So, how much would it cost to get more nonstops from Winnipeg Airport?

Europe's Ryanair is known for its low fares, its frugality, and its strange sense of humour.

Europe’s Ryanair is known for its low fares, its frugality, and its strange sense of humour. (Click for source)

Calling for more airlines and cheaper fares at Winnipeg’s James Richardson International Airport is a favourite preoccupation of Winnipeggers. So much so that one mayoral candidate a few days ago pledged to work, if he is elected, to bring a true discount airline to the city — though even he personally was unsure how this could be done.

But airlines are no longer a political tool as they were in the days when many were government-owned, but now for-profit enterprises engaged in, as former American Airlines CEO Bob Crandall once put it, “a nasty, rotten business”. If they are to start service to a city, they will want reassurance that the new route stands favourable odds of being profitable.

This means more than just having people show up for flights. Not all passengers are created equal: the business traveler in seat 23A who paid $800 for a last-minute round trip to Toronto is certainly more valuable to the airline than the holidaymaker next to her in seat 23B who booked well in advance and paid just $500 for the same round-trip.

Thus, the more seats that are likely to be filled by the $800 passengers, the more impressed an airline will be with a city’s potential. Revenue, not just headcount, is critical to a route’s survival.

How much revenue does a flight need to break even? One rough way of estimating this is to look for a key figure in the airlines’ annual reports or news releases: cost per available seat mile (CASM) or, in the metrically minded countries, cost per available seat kilometre (CASK).

This can be as little as eight cents per seat per mile for an ultra low-cost airline like Europe’s Ryanair, which crams the seats in tight and has even mused about installing pay toilets on its fleet, or as high as 23 cents on Swiss, which tends to be a little more generous with passengers and actually uses well-paid Swiss-resident crews. (This is significant: Norwegian, an international low-cost airline, has faced criticism on both sides of the Atlantic for hiring American and Asian crew members because this is cheaper than hiring actual Norwegians.)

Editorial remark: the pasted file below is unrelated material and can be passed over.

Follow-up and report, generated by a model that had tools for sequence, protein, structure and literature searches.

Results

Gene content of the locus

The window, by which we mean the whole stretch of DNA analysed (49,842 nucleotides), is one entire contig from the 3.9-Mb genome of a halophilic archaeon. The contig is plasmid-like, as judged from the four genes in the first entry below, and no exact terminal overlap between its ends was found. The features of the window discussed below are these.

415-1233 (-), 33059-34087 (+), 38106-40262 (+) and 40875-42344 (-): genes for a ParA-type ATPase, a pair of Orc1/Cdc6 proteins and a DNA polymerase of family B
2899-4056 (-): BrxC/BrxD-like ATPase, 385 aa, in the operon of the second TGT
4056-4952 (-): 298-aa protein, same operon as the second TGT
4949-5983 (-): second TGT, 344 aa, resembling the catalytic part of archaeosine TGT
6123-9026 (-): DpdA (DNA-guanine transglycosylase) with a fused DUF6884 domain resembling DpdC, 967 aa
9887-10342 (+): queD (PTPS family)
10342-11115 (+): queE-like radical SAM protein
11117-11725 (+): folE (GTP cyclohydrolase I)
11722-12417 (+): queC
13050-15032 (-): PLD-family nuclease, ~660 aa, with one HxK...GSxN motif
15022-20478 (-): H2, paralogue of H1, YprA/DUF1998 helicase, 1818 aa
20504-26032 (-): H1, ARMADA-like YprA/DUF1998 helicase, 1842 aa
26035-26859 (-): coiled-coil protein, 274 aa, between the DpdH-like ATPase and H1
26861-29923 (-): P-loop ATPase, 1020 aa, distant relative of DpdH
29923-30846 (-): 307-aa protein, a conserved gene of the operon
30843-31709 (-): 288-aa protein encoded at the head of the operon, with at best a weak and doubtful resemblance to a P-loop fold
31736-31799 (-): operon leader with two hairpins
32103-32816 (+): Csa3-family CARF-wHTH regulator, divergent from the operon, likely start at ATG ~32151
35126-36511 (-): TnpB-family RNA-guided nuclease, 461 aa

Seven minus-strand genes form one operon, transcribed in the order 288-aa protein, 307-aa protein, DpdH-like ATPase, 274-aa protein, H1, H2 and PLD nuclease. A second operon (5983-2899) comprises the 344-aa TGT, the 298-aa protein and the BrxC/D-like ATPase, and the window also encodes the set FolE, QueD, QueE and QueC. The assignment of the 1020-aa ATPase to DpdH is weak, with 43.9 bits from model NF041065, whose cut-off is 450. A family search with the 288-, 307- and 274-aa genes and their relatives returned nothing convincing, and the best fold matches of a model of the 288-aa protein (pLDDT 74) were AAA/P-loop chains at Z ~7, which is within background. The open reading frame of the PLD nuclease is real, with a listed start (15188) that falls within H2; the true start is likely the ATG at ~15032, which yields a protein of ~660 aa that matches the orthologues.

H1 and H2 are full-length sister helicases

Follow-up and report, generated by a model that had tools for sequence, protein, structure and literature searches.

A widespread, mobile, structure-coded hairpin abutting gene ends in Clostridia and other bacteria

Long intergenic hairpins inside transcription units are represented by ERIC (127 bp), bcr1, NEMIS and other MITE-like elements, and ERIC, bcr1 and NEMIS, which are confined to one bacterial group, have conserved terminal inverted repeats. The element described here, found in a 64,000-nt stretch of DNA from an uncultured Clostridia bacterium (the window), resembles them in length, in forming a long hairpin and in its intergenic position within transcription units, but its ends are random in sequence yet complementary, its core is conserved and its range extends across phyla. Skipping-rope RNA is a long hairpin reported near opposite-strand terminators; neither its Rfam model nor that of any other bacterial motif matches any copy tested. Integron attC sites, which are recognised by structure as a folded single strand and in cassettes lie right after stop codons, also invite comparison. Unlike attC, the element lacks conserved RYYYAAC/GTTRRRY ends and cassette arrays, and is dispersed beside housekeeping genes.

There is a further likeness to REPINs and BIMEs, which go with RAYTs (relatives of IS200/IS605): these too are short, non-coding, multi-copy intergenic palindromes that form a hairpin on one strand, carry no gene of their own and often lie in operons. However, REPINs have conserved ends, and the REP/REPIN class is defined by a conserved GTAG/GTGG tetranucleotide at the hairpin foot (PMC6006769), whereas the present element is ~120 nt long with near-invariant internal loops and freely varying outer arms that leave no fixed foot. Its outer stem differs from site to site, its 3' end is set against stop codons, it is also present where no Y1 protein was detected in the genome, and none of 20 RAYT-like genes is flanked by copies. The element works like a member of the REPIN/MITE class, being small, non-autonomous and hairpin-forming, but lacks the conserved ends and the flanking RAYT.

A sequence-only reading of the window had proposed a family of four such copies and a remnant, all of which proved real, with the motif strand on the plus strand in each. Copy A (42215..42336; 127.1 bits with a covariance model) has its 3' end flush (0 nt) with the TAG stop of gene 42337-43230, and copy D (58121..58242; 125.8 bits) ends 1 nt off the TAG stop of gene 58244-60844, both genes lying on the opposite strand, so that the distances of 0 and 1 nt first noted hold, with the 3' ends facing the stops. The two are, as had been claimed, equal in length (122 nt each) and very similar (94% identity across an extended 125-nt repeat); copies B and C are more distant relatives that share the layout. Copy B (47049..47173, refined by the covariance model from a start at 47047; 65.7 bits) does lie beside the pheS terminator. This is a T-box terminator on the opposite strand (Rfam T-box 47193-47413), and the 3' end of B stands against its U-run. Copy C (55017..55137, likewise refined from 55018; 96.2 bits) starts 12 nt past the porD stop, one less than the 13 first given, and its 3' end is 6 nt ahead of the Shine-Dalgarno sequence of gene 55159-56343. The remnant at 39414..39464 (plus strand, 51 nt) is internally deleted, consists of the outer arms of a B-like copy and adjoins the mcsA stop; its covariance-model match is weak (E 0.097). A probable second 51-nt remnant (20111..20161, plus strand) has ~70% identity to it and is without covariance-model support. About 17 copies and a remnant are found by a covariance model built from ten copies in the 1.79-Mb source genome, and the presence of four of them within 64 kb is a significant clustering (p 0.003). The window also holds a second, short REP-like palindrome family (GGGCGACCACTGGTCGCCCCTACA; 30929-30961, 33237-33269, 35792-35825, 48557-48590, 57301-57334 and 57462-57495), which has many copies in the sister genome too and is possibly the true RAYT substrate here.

Multiply the cost per seat mile figure by the number of seats on the smallest aircraft capable of doing the job — sorry, but you can’t fly a Regional Jet from Canada to France — and the number of miles to the destination of choice, and you have a rough estimate of the minimum revenue each flight will need to bring in to be considered worth operating.

In Winnipeg’s case, the least demanding route to aim for would be a 50-seat American Envoy regional jet service to the American Airlines/Oneworld hub in Chicago. With operating costs averaging out to about 17 cents per seat-mile, American’s regional feeder service could be considered a break-even proposition at about $6,200 in revenue per flight. (This would include fares, ancillary revenues and cargo, but exclude taxes and surcharges collected from passengers.)

With impressively low costs in the nine cent per seat mile range, Delta Connection would also be able to break even at relatively low revenues on, for example, a flight to Delta’s New York JFK hub. (This would draw business away from Delta’s own Minneapolis/St. Paul hub, however, so the airline might not be keen on such a route.)

Air Service Costs 1

At the high end of the scale, long-haul flights have the highest revenue hurdles to get over. Icelandair, with costs equal to 17 cents per seat mile, would need reassurance that each flight would earn $87,000 in revenues to justify the Winnipeg-to-Iceland Boeing 757 flight that has been talked about for years.

And we can probably rule out Virgin Atlantic ever starting wide-body service between Winnipeg and London: with 314 seats to fill for 3,943 miles at 15 cents per mile, each flight would have to pull in nearly $186,000 in revenue to be considered worthwhile.

Longer flights not surprisingly require higher average revenues per passenger to break even. Even if a “dirt cheap” carrier such as Spirit Airlines — with low costs of about 11 cents per seat-mile — were to hypothetically start a 1,880-mile Winnipeg-Fort Lauderdale service using its 145-seat Airbus A319s, revenues on a fully loaded flight would need to average out to $207 per passenger each way to break even.

Air Service Costs 2

 

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About theviewfromseven
A lone wolf and a bit of a contrarian who sometimes has something to share.

2 Responses to So, how much would it cost to get more nonstops from Winnipeg Airport?

  1. I love your travel related posts, really appreciate the time and effort that goes into them. I would happily pay $1200 for a round trip ticket to London on Virgin Atlantic; I have big dreams of one day flying their club class but alas have no real way of earning their points right now (so that I can fly club class for freeeeeeeeeeeee!)

  2. theviewfromseven says:

    Thanks! 🙂

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